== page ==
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Guide to Badminton Racket Specifications


Weight

Weight

The stationary weight (measured in grams) usually represents the unstrung weight of the racket frame, excluding the strings, grommets and grip.

Badminton racket weight is commonly denoted by a number followed by the letter ‘U’. The smaller the number, the heavier the weight. The grading system derives from the racket weight classifications used by Yonex, which have also been adopted by Victor. Other manufacturers use alternative grading systems. For example, Li-Ning uses ‘W’ instead of ‘U’ to indicate the weight of their rackets, with different weight bandings to those used by both Yonex and Victor.

U Grade Weight
1U 95g or above
2U 90-94.9g
3U 85-89.9g
4U 80-84.9g
5U 75-79.9g
6U 70-75.9g
7U 60g-69.9g
8U 59.9g and below

Most rackets are weighted either 3U or 4U as this provides a good balance, allowing players to hit hard without compromising on manoeuvrability. The majority of singles players use 3U rackets, as the extra weight helps provide power when the shuttle has gone behind the player deep into the corners. For doubles players, lighter 4U rackets are standard as they allow the player to react quicker at the net and defend against opposing smashes.

It is generally recommended that beginners should opt for a lighter racket, as it is easier to manoeuvre, before progressing to a heavier racket.

Badminton World Federation (BWF) rules stipulate that the weight of a badminton racket should not exceed 100g. However, training rackets weighing around 140-160g are available that are designed to force the player’s muscles to strengthen.

Balance

Balance

The balance of a racket is a measure of its weight distribution, which may be evenly distributed or shifted either towards the head or the grip. The static balance point (centre of gravity) of a racket is expressed as a measurement from the butt end in millimetres or inches. If the balance point is closer to the head, the racket is considered head heavy, while if the balance point is shifted towards the grip, it is head light.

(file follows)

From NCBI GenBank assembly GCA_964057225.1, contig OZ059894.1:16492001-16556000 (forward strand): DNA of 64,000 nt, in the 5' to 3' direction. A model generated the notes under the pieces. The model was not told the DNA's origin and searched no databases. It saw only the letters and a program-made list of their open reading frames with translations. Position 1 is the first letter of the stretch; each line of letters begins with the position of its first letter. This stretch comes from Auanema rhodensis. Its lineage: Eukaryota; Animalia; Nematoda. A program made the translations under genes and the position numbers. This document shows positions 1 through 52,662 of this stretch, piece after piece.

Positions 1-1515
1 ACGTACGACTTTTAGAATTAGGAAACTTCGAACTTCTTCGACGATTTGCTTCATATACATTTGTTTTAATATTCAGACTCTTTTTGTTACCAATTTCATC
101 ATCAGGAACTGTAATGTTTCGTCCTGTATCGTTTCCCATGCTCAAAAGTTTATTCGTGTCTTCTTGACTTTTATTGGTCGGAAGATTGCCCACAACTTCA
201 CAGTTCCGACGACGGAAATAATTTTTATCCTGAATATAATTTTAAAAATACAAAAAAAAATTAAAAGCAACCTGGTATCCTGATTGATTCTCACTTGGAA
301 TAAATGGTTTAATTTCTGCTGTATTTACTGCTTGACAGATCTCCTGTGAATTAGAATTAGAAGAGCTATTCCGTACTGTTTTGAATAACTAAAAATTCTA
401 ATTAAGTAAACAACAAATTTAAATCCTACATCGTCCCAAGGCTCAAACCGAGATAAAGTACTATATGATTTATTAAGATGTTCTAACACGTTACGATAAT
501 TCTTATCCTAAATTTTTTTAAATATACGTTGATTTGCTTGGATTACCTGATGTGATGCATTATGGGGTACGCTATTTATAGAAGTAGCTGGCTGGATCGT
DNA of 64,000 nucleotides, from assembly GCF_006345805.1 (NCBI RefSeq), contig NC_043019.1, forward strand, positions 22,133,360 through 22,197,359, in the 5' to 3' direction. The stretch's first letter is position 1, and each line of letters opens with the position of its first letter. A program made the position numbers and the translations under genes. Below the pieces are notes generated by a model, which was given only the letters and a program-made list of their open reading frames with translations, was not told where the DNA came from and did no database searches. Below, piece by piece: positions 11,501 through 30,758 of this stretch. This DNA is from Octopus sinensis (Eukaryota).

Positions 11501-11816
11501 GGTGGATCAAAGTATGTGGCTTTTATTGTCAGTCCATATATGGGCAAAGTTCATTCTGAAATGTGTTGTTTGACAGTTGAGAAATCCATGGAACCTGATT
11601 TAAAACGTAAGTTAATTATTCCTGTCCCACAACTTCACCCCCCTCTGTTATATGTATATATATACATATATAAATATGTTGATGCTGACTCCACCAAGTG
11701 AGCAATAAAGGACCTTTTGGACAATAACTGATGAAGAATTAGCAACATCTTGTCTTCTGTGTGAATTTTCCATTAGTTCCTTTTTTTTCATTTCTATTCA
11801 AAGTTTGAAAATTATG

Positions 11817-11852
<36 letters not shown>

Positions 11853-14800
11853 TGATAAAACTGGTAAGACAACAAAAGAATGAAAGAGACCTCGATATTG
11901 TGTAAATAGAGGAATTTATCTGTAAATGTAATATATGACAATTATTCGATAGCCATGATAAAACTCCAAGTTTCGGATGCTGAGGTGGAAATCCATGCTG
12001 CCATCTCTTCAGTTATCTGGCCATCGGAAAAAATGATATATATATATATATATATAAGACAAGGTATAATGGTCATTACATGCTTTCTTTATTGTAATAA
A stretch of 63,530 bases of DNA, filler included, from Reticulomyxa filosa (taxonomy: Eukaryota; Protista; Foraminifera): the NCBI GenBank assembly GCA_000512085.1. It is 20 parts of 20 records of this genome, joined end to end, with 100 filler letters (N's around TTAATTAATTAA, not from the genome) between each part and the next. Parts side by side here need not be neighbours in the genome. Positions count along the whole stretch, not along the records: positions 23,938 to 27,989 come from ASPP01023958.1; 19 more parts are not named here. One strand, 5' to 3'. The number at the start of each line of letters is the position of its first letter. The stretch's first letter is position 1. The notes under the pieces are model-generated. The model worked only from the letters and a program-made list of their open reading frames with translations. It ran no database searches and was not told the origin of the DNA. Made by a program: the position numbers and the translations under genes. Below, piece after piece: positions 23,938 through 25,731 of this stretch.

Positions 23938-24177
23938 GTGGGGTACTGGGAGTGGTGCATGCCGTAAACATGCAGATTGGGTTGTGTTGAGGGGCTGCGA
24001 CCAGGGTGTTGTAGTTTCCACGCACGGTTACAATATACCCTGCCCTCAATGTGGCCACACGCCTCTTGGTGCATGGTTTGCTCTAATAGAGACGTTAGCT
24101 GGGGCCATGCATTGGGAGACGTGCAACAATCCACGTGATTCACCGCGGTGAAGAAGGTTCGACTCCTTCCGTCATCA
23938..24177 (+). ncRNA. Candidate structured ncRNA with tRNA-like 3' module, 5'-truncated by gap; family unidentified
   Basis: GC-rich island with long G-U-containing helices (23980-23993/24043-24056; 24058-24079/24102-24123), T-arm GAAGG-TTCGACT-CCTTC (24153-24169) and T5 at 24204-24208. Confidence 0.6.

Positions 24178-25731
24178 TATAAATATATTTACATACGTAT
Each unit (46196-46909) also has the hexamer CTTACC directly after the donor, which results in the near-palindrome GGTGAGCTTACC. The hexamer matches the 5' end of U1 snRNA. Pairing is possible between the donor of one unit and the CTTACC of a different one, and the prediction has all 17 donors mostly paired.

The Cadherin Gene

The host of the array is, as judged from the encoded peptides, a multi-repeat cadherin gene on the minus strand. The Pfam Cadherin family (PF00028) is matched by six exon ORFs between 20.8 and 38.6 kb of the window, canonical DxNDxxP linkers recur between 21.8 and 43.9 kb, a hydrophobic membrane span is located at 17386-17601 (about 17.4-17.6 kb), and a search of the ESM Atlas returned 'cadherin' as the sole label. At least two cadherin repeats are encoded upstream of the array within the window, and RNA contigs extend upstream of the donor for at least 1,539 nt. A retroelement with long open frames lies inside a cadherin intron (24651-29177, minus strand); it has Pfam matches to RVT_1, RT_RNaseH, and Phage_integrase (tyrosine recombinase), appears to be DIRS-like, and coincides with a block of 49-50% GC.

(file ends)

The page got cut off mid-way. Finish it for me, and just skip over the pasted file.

Head-light Head-light rackets are much easier to manipulate and swing. This is crucial when defending against opposing smashes, where quick reactions are required, and is also desirable when playing shots at the net, particularly when looking to finish off rallies at the front of the court. Head-light rackets are therefore recommended for doubles players who prefer to play fast and attacking badminton, and singles players with excellent technique and swing speed.
Head-heavy Head-heavy rackets increase the power of clears and smashes and are popular with singles and mixed doubles players who like to play a powerful game from the back of the court.
Even balance Even balance rackets provide a versatile middle ground, providing enough power from the back of the court and enough control & manoeuvrability at the front. Even balance rackets are recommended for new players looking to develop an all-round game and for more advanced players who play both singles and doubles frequently and want a racket for all scenarios.
Length

Length

The length of a racket is measured from the bottom of the handle/grip to the top of the racket head. Badminton rackets have a typical length between 665m to 675mm. The Badminton World Federation (BWF) restricts racket frames to a maximum length of 680mm.

Head size

Head Size